What happens in the brain when there is an earthquake? The psychologist's advice for dealing with fear and reacting to trauma
Civil Defence, what happens in the brain of those who suffer an earthquake? “The experience of the earth shaking is one of the most devastating, because we are used to trusting in the solidity of the ground on which we stand or in the protection of our homes”
David Lazzari, president of the National Order of Psychologists (Cnop), is familiar with the emotional impact experienced by people who have experienced earthquakes.
In the past few hours, unfortunately, it was the inhabitants of the Marche coast who experienced fear.
But what activates the earthquake experience in people’s brains?
‘Like all sudden adverse events, the earthquake also acts by activating the stress and danger pathways,’ Lazzari continues, ‘direct and rapid pathways between the event and the response.
Alongside these, however, slower, more conscious and rational pathways act,’ adds the psychologist, ‘because in the event of danger it is good to react promptly and it is also good to do so sensibly.
This is why the psyche can help us by ensuring that there are not just automatic responses of flight or paralysis, but immediate protective responses’.
Feeling fear is ‘physiological,’ reassures Lazzari, ‘and in critical moments it helps us to react.
However, if it is excessive, it creates problems for us because it can exacerbate the emotional consequences and stress caused by the situation’.
So how does one overcome fear?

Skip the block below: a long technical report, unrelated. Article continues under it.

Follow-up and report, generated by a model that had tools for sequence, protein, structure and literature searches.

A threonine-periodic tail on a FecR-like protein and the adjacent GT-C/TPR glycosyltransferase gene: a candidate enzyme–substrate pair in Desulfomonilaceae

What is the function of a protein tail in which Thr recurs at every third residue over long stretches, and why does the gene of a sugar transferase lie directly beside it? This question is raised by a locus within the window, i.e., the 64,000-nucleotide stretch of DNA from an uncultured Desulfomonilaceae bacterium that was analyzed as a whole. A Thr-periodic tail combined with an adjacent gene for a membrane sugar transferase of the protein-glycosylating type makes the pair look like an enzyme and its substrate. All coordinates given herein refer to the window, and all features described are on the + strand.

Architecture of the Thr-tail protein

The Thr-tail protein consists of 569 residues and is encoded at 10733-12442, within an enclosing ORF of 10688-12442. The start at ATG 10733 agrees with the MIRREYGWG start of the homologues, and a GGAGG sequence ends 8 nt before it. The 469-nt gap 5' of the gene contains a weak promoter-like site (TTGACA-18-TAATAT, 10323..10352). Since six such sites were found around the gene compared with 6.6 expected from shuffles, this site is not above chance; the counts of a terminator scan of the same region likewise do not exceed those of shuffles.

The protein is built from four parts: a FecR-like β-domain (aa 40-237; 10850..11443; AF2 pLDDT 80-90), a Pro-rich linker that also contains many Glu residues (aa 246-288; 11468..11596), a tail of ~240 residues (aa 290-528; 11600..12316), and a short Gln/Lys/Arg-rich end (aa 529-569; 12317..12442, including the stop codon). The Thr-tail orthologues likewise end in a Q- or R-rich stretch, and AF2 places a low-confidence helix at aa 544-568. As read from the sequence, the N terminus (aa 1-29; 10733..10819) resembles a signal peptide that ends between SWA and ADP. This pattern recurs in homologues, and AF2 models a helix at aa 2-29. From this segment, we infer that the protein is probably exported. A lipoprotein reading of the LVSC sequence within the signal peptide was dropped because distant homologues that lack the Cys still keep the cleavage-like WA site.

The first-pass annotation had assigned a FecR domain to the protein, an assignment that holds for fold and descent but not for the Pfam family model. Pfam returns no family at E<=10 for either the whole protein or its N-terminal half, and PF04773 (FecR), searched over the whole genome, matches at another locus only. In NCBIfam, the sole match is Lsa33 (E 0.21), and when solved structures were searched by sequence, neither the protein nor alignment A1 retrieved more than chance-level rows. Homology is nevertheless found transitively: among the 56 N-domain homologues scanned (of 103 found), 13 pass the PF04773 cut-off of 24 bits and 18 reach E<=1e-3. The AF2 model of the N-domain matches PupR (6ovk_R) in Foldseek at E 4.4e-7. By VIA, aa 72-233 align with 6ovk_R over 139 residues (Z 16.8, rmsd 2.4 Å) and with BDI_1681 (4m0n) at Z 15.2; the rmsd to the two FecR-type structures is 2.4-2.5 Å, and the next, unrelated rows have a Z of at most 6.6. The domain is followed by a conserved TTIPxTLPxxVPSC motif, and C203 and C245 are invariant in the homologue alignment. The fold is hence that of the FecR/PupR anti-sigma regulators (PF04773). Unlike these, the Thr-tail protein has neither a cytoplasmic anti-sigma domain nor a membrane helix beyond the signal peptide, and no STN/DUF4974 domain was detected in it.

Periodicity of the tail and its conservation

“It is useful to ask the right questions, to try to analyse the problems in their objectivity as well as to use techniques that can reduce anxiety,” advises the president of the Cnop.
People experiencing an earthquake should therefore pay attention to the emotional states of their brain, so as to intercept a possible trauma
‘In a situation of excessive and recurrent alarm, it can happen that we have nightmares.
If we experience too many moments of anxiety, however, it is then possible that the event was traumatic.
In the case of post-traumatic stress disorder,’ Lazzari emphasises, ‘the trauma can be overcome by following effective and validated interventions, but everything also depends on the specific situation.
Certainly, in many cases, listening and psychological help would be important.
Numerous studies on the health consequences of earthquakes show that the impact of earthquake-related stress has repercussions on physical and/or psychic health, affecting even after a long time the increase in disorders and costs borne by the National Health System,’ he concludes.